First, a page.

Amanda was 15 years old when she first tried heroin.
"If somebody had a bag of dope and they're like, 'If you shoot this bag there's a 50 percent chance, it could even be an 80 percent chance you're going to die, 99 percent chance. There's still that one percent chance I might not die. I'm going to do it," she said.
The reason Amanda felt that way when she was hooked on heroin - the drug is just too addictive.
"It's probably one of the most powerful opiates and one of the more addictive opiates," said Bill Bowman of the Alcohol & Substance Abuse Council of Jefferson County.
In fact, Bowman calls heroin the most popular opiate that's leading to an increasing number of overdoses.
When an overdose does occur, there's a tool to help.
It's called Narcan.
"It is a lifesaving tool. If you have somebody who's gone unresponsive, the next thing that's going to happen is they're going to stop breathing," said Dave Sherman of Guilfoyle Ambulance.
Unless an emergency medical technician can get to them with Narcan first.
A spray in each nostril and they could become responsive again.
It's a tool the New York State Legislature is taking a hard look at.
"I think there is a concern by many of my colleagues that there is a growing drug problem and something that we need to continue to monitor," said state Senator Patty Ritchie (R. - 48th District).
Narcan could have saved Amanda's brother's life.
He overdosed when he was 21.
Amanda has been in and out of jail over the last decade and has tried every rehab tool in the book.
"Prison just doesn't, the judge, the DA, probation, it just doesn't, when you want to get high you're going to get high," said Amanda.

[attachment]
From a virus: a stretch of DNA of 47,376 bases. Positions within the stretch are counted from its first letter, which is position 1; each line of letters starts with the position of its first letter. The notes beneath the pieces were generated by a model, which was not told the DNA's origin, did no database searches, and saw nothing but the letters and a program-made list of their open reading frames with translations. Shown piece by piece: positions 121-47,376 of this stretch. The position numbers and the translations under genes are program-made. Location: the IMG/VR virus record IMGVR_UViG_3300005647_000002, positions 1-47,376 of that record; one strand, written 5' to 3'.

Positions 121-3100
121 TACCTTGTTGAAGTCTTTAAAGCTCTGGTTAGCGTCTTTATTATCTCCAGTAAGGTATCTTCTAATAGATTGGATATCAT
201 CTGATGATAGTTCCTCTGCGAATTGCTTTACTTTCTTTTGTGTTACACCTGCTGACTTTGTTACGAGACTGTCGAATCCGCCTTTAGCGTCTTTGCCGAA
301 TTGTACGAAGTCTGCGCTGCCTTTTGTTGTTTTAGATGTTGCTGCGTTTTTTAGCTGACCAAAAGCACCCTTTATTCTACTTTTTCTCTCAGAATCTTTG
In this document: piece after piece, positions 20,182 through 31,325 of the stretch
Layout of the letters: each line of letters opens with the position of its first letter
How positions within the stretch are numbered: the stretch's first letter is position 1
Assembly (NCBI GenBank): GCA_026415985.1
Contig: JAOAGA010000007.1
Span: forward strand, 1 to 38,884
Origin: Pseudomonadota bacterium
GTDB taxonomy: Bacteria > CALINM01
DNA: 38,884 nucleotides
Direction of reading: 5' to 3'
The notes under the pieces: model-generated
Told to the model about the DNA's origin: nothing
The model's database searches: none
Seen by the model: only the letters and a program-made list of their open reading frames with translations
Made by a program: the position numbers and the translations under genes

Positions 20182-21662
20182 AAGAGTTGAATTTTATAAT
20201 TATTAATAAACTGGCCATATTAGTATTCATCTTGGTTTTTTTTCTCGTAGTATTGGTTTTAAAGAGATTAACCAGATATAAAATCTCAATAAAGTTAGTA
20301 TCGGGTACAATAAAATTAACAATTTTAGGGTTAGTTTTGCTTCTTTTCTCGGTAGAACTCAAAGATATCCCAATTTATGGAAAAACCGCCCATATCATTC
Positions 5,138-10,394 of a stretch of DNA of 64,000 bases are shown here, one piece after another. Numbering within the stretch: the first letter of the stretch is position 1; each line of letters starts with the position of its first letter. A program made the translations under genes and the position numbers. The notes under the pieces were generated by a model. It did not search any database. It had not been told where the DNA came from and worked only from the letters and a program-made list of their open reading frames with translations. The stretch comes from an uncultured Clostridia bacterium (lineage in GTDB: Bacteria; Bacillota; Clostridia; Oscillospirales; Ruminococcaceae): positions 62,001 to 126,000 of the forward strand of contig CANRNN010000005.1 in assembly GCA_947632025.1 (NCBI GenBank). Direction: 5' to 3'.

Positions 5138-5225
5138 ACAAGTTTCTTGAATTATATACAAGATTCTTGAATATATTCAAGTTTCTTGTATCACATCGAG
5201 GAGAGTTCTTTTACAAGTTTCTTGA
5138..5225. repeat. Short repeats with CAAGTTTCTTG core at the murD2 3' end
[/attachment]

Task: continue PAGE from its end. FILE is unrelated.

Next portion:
To get clean, you have to truly want it. That's what Amanda says and she does want it.
She hasn't done heroin since April 2012 with the help of drug court.
"Drug court is totally a blessing for people. It's an alternative to going to prison," said Amanda
The court requires Amanda to call in each morning at 8.
She has to attend Narcotics Anonymous meetings and go to court every other Thursday.
She's not required to speak out openly, but she does anyway to her family, to schools and to kids who she doesn't want to go down the path she did.
And she loves it when they hear what she says. She wants to alter their future. She doesn't know what's in hers.
"I'm confident that I do not want to get high again. Right now, today, I'm adamant that I don't want ever to have heroin in my life again," she said.
But Amanda says she's not naive and she has seen people fall off the wagon before.
That reality scares her.
She's battling through the fear to make sure she doesn't fall back into heroin's addictive grip again.
See part 1
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